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Crisis Group report on China-Burma ties since the military coup; Arakan Army welcomes foreign investors

FROM THE DVB NEWSROOM

Crisis Group report on China-Burma ties since the military coup

A report released by the International Crisis Group (ICG) today stated that Beijing has yet to normalize relations with the military since the 2021 coup. It adds that China refuses to recognize Min Aung Hlaing as Burma’s head of state and gave its tacit approval for the Brotherhood Alliance to launch Operation 1027 in northern Shan State.

“Beijing’s dissatisfaction with the junta provides opportunities for international consensus-building and room for greater scrutiny of the generals, including by the U.N. Security Council,” said Richard Horsey, the Senior Myanmar Advisor at ICG.

Beijing brokered a ceasefire between the military and Brotherhood Alliance members, the Myanmar National Democratic Alliance Army (MNDAA) and the Ta’ang National Liberation Army (TNLA), on Jan. 11. Since Oct. 27, more than 30 towns came under its control and more than 5,500 military personnel were either killed or captured, including 10 brigadier generals. 

Arakan Army welcomes foreign investors

The Arakan Army (AA) stated on Monday that it welcomes foreign investments in its territory that “mutually benefit and support regional development.” It promised to provide “full protection and security” for investors. 

“Many Arakanese are being displaced due to the ongoing clashes. We are also facing high commodity prices and scarcity of resources for job opportunities. The state needs reconstruction and the resumption of its economy to begin,” said an unnamed Arakan State resident. 

The AA now controls eight townships in Arakan and Paletwa Township in southern Chinland. It has begun to clear landmines, return Internally Displaced Persons (IDPs) to their homes and resume economic activity. China and India maintain investments in Arakan State, including the deep sea port and special economic zone in Kyaukphyu Township.

An uncertain future for Aung San Suu Kyi’s home

The fate of Aung San Suu Kyi’s home at 54 University Avenue in Yangon will be determined by a military-run court, say legal experts. Aung San Suu Kyi and her brother Aung San Oo have had a long-running legal dispute over ownership of the home. 

An auction organized by the regime for the famed lakeside villa was postponed after it failed to draw any bidders at the predetermined starting price of $90 million USD on March 20.

Aung San Suu Kyi’s legal team has filed a revision with the Yangon Region High Court regarding the auction proceedings. Legal experts stress that the court’s decision will determine whether the property will be put up for auction again and if the process will comply with legal procedures.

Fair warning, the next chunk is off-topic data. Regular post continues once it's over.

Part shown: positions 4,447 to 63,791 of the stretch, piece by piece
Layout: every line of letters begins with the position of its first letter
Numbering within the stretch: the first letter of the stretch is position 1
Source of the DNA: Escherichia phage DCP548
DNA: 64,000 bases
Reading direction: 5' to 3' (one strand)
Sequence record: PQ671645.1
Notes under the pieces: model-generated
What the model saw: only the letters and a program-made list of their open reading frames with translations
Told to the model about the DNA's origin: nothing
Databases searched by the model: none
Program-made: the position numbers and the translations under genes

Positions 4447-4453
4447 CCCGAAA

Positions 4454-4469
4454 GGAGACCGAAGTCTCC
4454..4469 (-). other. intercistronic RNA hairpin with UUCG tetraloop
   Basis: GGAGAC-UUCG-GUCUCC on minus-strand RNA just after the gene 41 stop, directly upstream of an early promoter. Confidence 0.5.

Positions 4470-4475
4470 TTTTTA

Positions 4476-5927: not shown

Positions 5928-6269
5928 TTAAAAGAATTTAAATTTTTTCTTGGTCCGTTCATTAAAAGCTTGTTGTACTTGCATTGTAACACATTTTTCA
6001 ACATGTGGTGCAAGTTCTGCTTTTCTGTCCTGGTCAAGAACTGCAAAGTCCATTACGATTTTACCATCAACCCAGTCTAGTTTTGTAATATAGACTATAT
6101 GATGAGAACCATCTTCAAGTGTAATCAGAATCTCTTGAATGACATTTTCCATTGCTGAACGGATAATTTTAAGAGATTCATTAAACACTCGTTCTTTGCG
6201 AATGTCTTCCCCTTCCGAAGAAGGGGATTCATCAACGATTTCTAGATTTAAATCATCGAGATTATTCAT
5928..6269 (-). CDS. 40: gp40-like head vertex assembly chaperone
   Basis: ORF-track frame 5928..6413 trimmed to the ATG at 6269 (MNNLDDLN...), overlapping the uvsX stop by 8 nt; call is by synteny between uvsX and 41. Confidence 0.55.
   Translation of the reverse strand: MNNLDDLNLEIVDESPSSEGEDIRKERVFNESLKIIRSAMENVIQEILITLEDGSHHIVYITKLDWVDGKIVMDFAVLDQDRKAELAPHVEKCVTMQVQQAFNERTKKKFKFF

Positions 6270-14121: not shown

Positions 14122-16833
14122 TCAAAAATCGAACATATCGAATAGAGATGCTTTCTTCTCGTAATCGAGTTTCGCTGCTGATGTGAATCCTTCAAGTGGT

News by Region

Protesters demonstrate to demand the release of Kyaw Soe Oo outside of the Zabuthiri Police Station in Naypyidaw on Monday. (Credit: CJ)

NAYPYIDAW—Kyaw Soe Oo, the editor-in-chief of pro-military outlet People Media, was released on bail from Zabuthiri Police Station on March 25. He was released after a demonstration was held outside the police station. 

“The protestors said they might swing sides if the military hadn’t released him. He was freed that evening,” said an unnamed military supporter in Naypyidaw. Kyaw Soe Oo was arrested on March 19 and charged with incitement for criticizing the Ministry of Home Affairs. 

KAREN—A group calling itself the Mon Liberation Army and other resistance groups seized control of a police station in Kawkareik Township on Monday. A spokesperson of the group told DVB that two Burma Army soldiers were killed during the fighting and 23 others surrendered. 

“We are going to fight and attack territories where the Burma Army is located,” Naing Mar Nag, the secretary of the Mon Liberation Army, told DVB. The military fired artillery and carried out eight airstrikes on Kawkareik during the fighting.

KACHIN—Momauk Township residents said that a man was killed and two children were injured by artillery fired by the Burma Army in a village on Monday. “The artillery fell while they were trying to escape from their house,” a Momauk resident told DVB. The man died from head injuries and the children’s legs were seriously injured. 

KARENNI—The Karenni Nationalities Defence Force (KNDF) stated that fighting with the Burma Army over control of Loikaw has continued . Resistance forces claim to control nearly 90 percent of the town. The Burma Army has sent in reinforcements. 

“Battles are happening every day in Loikaw. Resistance forces currently control many neighborhoods, clashing with Burma Army troops that are attempting to regain lost ground,” said a KNDF spokesperson. Five towns in Karenni and one in southern Shan State are under its control. 

SHAN—The MNDAA has not been allowing ethnic Bamar to return to Laukkai, in the Kokang Self-Administered Zone, since it took control of the town on Jan. 4, reported Doh Athan. A Laukkai resident said that MNDAA soldiers told her that Bamar were not allowed back. 

The MNDAA also reportedly destroyed buildings in a predominantly Bamar neighborhood of Laukkai. Residents of the town have also said that the MNDAA has seized homes rented out to Bamar but have denied that it discriminates based on ethnicity. 

SAGAING—Shwebo Township residents said that the regime suspended military conscription in the town after two administration officials were killed on March 22 and 24. The People’s Defense Force (PDF) had warned administrators to cease the conscription drive. 

“They were arrested by the PDF at their homes. Even the military cannot do anything,” a resident told DVB. Sixteen administrators have been killed while recruiting new conscripts across the country this month, according to DVB data. The military conscription law was activated on Feb. 10. 

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